Australian Office Market trends - 2024 and beyond (Technology)

The last of our three key trends impacting the Australian Office Market in 2024 is Technology, held up as the solution to various challenges.

The prize for successful technology deployment in commercial real estate is obvious. Reduced operating costs, increased asset lifecycle and a more attractive leasing proposition for occupiers. It's a win-win-win scenario for investments in technology—sustainable, profitable, and investible.

As Australian owners grapple with declining office values during 2024, speed to value in technology deployment is a top priority, reflecting a widespread sentiment. According to a recent commercial real estate report 76% of professionals surveyed prioritised automation across all aspects of their business from 2024 to 2028. This highlights the focus on operational efficiency and the tangible gains that are within reach.

Accessible technologies now offer real-time analytics, energy management, predictive modelling and AI optimisation. Regardless of the chosen technology approach, quick payback timeframes and speed to value are priorities as a defensive measure against falling values.

As such, the focus on the biggest consumers of energy (with the most savings to gain) continues to see a high number of technology providers targeting Heating, Ventilation and Cooling (HVAC) systems, which typically account for 30% of the water and up to 50% of the energy in a commercial building.

Targeting these resource-hungry systems offers significant opportunities for energy savings, often exceeding 20% in the first year of deployment. In addition, the impact on improved ESG performance is an added benefit to owners looking to improve NABERS ratings and position their portfolio well for an increasingly ESG-focused investment community.

In the medium term, operational efficiency brings incremental benefits but requires time to realise value gains. Operational efficiency may partly be driven by technology and systems, but also requires organisational and cultural change to be successful. While many technology solutions can provide significant opportunities for operational efficiency and savings, the people running buildings are still a critical component of a program’s success.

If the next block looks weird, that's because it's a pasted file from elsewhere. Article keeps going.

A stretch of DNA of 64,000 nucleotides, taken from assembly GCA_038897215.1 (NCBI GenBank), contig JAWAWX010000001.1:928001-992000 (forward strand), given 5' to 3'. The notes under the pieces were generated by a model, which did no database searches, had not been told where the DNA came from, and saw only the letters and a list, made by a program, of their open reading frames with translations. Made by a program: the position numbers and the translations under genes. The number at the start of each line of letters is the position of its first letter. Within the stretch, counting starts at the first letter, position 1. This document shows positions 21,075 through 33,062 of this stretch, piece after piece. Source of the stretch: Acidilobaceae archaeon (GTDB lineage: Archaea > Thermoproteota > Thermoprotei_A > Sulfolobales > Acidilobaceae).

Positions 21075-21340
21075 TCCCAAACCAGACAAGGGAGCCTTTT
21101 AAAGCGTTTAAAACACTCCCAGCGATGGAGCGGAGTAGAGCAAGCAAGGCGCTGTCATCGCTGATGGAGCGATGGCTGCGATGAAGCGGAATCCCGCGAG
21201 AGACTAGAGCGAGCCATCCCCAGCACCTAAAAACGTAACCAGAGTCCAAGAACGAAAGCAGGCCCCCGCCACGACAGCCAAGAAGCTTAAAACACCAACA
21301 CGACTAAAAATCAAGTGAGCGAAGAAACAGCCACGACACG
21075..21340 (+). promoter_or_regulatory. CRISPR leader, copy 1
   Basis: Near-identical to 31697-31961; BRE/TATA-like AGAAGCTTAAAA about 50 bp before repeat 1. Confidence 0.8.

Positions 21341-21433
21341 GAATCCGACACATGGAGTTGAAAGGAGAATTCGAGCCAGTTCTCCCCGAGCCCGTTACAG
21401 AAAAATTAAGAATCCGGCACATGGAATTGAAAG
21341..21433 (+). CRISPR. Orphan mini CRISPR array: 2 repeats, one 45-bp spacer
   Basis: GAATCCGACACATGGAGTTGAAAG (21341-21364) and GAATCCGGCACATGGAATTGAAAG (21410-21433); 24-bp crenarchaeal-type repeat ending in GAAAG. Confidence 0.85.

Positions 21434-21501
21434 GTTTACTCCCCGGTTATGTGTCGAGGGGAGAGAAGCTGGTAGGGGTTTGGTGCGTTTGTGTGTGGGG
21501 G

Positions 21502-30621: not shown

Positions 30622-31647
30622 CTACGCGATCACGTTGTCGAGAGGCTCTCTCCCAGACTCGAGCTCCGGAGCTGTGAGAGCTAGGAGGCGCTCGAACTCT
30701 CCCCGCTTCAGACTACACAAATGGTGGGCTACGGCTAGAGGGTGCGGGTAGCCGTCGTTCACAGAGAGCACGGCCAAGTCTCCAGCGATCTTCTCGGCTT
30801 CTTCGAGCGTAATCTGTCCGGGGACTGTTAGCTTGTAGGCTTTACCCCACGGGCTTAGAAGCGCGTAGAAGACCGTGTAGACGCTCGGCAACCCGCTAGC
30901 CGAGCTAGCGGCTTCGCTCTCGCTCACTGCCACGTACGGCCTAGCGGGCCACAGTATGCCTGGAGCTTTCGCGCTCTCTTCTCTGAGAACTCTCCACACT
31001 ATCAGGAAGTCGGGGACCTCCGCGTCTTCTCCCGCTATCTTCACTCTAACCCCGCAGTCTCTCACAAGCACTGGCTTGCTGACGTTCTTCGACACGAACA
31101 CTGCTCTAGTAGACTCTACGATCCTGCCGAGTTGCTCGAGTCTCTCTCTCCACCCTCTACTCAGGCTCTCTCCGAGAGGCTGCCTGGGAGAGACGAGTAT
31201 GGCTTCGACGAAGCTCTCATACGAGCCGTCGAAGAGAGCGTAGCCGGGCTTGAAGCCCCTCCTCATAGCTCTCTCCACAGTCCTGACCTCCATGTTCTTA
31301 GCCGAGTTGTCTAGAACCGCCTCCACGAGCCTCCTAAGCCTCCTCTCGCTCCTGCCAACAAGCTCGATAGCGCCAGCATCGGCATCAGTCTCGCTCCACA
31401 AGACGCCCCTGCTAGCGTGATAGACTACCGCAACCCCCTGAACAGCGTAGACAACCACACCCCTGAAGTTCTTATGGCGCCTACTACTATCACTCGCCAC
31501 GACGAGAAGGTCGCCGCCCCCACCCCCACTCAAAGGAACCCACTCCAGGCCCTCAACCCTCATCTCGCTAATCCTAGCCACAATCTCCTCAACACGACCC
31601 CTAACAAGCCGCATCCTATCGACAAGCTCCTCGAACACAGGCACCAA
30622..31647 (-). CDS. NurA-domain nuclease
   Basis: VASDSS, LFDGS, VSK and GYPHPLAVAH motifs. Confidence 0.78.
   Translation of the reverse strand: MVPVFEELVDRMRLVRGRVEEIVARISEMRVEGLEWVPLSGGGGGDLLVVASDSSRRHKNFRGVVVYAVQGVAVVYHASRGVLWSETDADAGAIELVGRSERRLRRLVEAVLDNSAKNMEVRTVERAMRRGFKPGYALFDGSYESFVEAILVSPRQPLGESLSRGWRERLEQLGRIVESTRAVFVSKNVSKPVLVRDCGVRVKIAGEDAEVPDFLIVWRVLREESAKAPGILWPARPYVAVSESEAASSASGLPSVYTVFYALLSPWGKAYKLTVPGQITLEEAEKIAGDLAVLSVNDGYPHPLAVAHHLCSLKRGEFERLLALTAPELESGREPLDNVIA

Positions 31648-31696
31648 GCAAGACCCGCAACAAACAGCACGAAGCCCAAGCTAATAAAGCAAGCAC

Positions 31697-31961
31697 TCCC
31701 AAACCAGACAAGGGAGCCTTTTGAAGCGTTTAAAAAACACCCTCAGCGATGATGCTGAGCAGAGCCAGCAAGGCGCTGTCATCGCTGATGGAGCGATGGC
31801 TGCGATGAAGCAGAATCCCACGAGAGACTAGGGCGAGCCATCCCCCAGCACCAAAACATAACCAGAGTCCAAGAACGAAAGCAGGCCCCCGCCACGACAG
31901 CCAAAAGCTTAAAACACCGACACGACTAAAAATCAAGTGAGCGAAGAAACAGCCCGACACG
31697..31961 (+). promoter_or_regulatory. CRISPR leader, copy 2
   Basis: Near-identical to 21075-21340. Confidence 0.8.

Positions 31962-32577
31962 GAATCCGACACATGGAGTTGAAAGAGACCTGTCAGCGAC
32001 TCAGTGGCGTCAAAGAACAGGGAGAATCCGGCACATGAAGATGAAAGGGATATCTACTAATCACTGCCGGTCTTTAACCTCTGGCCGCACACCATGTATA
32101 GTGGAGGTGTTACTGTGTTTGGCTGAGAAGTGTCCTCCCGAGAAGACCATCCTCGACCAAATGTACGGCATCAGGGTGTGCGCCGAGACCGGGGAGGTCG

Success stories in this space have been delivered less by Software As A Service, and more through Software With A Service, with Proptech providers including access to mechanical and performance engineers as part of their offering - to ensure needles in the haystack are identified quickly.

Looking ahead, increased asset lifecycle is an inevitable benefit of better-managed buildings as capital expenditure is delayed or deployed more effectively, reducing the risk of “stranded assets” as they relate to energy performance, climate change and decarbonisation.

Tenant retention remains the only outcome that focuses on revenue creation and protection instead of reduced outgoings. Evidence will be naturally less consistent, as leases don’t expire every day, however, technology strategies that enhance the overall experience, comfort and connectivity of tenants will be best placed to protect precious income in years to come.

Finally, a word on one of the most common barriers to successful technology strategy in real estate: “digital readiness”. With decades of legacy systems and data silos in place, technology can only do great things when it is deployed against a platform that is accessible, secure, open and reliable - and taking the time to get this first step right is the foundation for all future returns on technology investment.

Dermot Lowry
Group Executive Director - Commercial and Advisory
— Sydney Property Valuers - Corporate & Commercial
  |  LinkedIn
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